News: Major global banks are financing deadly US coal plants thanks to climate commitment loopholes

A new report by the Sierra Club’s Fossil-Free Finance campaign reveals that major global banks are propping up deadly coal plants across the US - including those run by Duke Energy - by financing the parent companies that own them. This financing comes despite the fact that many banks have climate commitments that restrict them from providing project-level loans to coal plants. The analysis reveals a massive loophole in the banks’ climate commitments through their continued lending and underwriting for companies operating deadly coal-fired power plants in the United States. 


The analysis follows the release of the Sierra Club’s Out of Control report, which revealed there are approximately 3,800 premature deaths annually from soot released by US coal plants with no firm retirement plans prior to the end of the decade. By financing the parent companies of these coal utilities, major global banks are channeling billions of dollars into the very companies responsible for keeping these deadly coal plants operational and poisoning nearby communities with toxic air pollution.

Column 1 content“Despite their high-profile climate pledges, major banks like Barclays and Citi are continuing to funnel billions of dollars into deadly coal plants. With their flimsy financing policies and half-finished net zero targets, these banks have left billions of dollars on the table for major polluters to continue to operate and even expand the coal plants killing thousands of people in the United States every year,” said Adele Shraiman, Senior Campaign Strategist, Fossil-Free Finance, Sierra Club. “Experts have repeatedly warned that fossil fuel expansion will make it impossible to meet our global climate goals, and coal power is the worst of the bunch. By continuing to pour money into coal, these banks are telling their shareholders, clients, and regulators they aren’t serious about meeting their own climate commitments.”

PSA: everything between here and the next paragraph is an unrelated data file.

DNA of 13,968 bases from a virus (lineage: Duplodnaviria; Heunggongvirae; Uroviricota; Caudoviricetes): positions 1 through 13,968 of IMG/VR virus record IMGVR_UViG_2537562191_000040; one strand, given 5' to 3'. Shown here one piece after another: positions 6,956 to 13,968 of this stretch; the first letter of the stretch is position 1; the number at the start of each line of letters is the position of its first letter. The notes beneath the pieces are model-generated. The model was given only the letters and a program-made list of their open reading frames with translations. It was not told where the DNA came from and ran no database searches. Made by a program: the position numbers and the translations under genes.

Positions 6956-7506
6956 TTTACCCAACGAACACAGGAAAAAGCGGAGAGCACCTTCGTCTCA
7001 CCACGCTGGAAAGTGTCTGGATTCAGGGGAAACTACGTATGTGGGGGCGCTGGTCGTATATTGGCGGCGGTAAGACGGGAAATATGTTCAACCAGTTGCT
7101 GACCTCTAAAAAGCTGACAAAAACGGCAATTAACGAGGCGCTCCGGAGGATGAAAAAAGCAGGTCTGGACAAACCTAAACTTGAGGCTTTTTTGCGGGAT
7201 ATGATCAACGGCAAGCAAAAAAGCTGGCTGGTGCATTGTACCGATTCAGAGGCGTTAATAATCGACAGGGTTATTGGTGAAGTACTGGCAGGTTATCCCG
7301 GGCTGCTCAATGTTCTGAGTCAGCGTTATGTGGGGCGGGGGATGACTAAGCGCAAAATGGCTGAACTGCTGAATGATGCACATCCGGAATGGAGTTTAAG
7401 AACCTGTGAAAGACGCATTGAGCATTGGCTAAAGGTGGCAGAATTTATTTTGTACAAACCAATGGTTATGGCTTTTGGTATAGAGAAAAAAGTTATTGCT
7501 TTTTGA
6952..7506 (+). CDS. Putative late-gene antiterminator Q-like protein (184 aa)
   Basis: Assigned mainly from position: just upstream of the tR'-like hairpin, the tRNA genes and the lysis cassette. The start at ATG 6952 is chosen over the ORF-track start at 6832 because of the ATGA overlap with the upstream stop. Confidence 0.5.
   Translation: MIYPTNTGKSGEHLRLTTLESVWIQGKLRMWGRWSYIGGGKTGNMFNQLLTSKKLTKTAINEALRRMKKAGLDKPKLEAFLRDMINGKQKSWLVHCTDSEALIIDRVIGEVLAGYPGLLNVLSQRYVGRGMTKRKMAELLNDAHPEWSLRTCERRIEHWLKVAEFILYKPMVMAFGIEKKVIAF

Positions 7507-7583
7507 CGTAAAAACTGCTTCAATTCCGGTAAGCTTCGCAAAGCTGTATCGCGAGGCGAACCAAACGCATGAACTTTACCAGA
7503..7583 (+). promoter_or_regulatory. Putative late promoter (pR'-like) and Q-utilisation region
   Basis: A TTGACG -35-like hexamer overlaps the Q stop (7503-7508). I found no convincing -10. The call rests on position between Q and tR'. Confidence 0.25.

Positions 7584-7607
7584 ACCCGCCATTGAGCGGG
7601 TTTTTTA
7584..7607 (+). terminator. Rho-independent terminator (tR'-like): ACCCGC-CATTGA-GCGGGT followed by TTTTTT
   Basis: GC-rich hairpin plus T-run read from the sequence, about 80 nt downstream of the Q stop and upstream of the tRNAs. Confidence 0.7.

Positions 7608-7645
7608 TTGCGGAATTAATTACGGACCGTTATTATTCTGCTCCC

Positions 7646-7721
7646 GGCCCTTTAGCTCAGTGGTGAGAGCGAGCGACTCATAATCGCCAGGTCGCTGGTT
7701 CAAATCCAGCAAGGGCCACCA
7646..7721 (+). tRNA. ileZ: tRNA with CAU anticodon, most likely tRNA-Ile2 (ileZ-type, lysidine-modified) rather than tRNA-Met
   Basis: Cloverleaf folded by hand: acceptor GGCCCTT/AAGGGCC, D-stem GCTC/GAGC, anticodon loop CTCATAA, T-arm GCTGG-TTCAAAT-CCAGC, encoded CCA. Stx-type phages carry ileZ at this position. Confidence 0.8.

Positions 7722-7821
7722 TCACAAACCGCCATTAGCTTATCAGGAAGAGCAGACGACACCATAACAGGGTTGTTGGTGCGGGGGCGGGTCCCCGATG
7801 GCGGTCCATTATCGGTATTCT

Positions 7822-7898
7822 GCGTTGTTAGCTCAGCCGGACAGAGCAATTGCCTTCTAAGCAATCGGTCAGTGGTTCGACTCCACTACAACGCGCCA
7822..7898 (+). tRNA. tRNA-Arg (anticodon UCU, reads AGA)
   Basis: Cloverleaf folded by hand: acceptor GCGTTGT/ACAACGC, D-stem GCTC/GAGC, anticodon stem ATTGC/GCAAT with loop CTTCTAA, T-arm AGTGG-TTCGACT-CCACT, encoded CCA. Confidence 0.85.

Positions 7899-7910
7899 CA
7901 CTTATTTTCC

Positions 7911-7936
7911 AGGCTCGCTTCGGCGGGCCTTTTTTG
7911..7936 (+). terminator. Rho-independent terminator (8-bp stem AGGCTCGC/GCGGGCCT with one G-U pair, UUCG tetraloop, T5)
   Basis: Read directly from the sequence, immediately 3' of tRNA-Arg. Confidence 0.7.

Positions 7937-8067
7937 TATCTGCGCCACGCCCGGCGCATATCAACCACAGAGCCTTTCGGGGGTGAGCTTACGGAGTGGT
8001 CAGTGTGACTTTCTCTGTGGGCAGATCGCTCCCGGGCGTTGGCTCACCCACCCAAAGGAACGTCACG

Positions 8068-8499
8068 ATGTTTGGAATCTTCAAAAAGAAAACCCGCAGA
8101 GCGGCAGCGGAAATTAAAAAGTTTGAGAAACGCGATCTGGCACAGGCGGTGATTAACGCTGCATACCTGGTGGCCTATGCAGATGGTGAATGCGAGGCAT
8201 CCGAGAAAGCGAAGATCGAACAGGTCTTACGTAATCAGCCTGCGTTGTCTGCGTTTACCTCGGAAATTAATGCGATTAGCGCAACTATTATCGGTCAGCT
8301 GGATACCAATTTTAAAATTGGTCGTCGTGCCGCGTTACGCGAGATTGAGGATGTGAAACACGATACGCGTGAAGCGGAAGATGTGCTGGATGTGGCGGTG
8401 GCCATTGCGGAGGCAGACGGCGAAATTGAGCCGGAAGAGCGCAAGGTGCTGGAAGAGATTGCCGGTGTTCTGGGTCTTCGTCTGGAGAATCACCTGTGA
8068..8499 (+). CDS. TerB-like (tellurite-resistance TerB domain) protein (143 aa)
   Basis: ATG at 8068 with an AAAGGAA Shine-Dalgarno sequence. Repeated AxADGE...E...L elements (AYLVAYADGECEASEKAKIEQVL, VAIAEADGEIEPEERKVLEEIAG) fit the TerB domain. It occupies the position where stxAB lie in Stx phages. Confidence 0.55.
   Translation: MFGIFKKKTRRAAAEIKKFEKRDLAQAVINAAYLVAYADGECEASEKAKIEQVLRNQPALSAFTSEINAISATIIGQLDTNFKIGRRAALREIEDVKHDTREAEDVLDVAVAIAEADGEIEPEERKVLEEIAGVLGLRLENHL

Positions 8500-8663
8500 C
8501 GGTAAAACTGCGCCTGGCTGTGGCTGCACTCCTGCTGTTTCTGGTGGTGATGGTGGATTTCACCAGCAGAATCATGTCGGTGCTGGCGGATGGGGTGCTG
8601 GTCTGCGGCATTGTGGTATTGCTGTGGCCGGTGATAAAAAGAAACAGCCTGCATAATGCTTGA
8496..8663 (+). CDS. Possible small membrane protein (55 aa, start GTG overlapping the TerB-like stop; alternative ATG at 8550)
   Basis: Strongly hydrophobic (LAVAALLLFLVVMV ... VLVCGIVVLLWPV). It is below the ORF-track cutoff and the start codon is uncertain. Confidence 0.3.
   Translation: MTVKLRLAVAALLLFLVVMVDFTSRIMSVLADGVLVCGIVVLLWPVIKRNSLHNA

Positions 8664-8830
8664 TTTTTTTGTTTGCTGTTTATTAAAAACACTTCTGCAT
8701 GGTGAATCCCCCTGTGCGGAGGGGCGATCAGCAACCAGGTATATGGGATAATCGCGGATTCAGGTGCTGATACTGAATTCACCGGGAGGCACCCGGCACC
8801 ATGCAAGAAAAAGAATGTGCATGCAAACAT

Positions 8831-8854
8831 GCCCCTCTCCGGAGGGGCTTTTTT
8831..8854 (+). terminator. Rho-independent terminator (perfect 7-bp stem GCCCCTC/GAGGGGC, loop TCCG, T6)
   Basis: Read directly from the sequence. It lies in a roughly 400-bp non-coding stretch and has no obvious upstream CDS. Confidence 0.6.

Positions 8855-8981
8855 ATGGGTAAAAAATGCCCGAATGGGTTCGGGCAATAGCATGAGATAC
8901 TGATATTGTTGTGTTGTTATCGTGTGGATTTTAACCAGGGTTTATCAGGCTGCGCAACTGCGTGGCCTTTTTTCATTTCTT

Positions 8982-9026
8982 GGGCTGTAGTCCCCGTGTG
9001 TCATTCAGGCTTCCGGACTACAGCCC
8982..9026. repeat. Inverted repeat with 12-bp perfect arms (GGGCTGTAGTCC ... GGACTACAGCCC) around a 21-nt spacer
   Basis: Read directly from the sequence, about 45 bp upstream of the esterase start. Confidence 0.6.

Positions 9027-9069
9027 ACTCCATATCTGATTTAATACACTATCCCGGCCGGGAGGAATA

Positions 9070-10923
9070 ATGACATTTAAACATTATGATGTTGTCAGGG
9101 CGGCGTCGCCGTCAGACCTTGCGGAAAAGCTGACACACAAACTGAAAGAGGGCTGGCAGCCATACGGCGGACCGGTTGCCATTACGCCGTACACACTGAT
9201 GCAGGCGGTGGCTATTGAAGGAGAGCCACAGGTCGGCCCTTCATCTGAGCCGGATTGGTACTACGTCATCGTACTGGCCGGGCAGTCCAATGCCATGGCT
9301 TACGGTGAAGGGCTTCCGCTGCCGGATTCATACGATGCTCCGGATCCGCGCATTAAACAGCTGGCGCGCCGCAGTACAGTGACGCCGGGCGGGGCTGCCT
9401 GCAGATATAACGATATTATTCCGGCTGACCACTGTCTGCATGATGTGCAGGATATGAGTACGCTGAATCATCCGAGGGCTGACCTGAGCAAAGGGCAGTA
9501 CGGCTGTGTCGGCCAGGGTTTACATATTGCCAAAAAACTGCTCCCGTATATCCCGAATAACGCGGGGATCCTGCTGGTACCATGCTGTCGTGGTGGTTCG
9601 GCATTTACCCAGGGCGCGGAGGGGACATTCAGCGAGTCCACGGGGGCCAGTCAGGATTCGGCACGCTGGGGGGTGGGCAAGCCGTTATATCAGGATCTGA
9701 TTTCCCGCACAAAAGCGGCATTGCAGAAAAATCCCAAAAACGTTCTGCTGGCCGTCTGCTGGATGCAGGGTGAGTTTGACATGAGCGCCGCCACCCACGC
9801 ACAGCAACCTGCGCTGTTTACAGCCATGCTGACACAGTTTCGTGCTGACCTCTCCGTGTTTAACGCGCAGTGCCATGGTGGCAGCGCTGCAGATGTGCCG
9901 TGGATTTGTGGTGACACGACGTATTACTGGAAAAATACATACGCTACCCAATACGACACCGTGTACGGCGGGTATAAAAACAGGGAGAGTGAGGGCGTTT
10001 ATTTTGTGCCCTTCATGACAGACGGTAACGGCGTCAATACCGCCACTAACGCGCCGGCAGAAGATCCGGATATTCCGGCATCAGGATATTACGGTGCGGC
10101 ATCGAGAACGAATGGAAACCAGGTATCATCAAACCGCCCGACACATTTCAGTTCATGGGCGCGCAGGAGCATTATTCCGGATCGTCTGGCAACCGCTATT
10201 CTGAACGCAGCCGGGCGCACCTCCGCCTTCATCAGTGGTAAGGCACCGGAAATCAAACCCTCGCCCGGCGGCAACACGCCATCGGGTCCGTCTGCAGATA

Duke Energy's Belews Creek Coal Plant is shown on a cloudy day. Photo by Mikaela Curry.


The report reveals that since 2016, major global banks have poured $166 billion into 10 of the most deadly publicly traded and federally owned coal utility parent companies in the US: Tennessee Valley Authority (TVA), PPL Corporation, Berkshire Hathaway Energy, Ameren Corporation, Vistra Corporation, FirstEnergy Corporation, Duke Energy Corporation, NRG Energy Inc, American Electric Power, and The Southern Company. These 10 coal utility parent companies operate coal plants in 16 states with no firm plans to close by 2030.  Each year, the coal plants owned by these 10 companies cause an additional 1,719 premature deaths from air pollution exposure.

Six major banks — Barclays, JP Morgan Chase, Bank of America, Citi, Wells Fargo, and Mitsubishi UFJ (MUFG) — make up 50%, or $83.8 billion, of the total financing provided to these 10 coal utility parent companies since 2016. Other banks that round out the top 10 include Mizuho, Goldman Sachs, RBC, and Credit Suisse. 

Barclays and the five US banks are all signatories of banking industry pledges to reach net zero by 2050 by reducing their greenhouse gas (GHG) emissions from their financing activities. When it comes to providing financing to the coal sector, most banks won’t directly offer funds specifically for coal plants (project-level financing). However, banks freely lend to the coal utility parent companies (corporate-level financing), which allows them to operate those coal plants. Of the top 6 banks in the report, only Barclays has a policy that prohibits corporate-level financing to some companies operating coal plants, either through general purpose loans or underwriting the sale of bonds or shares. However, even Barclays’ policy makes several exceptions, which still allow financing for companies developing coal power.

The Sierra Club is calling on banks to expand their climate commitments to include additional restrictions on corporate-level lending and underwriting services to utility companies prolonging the use of coal in the power sector.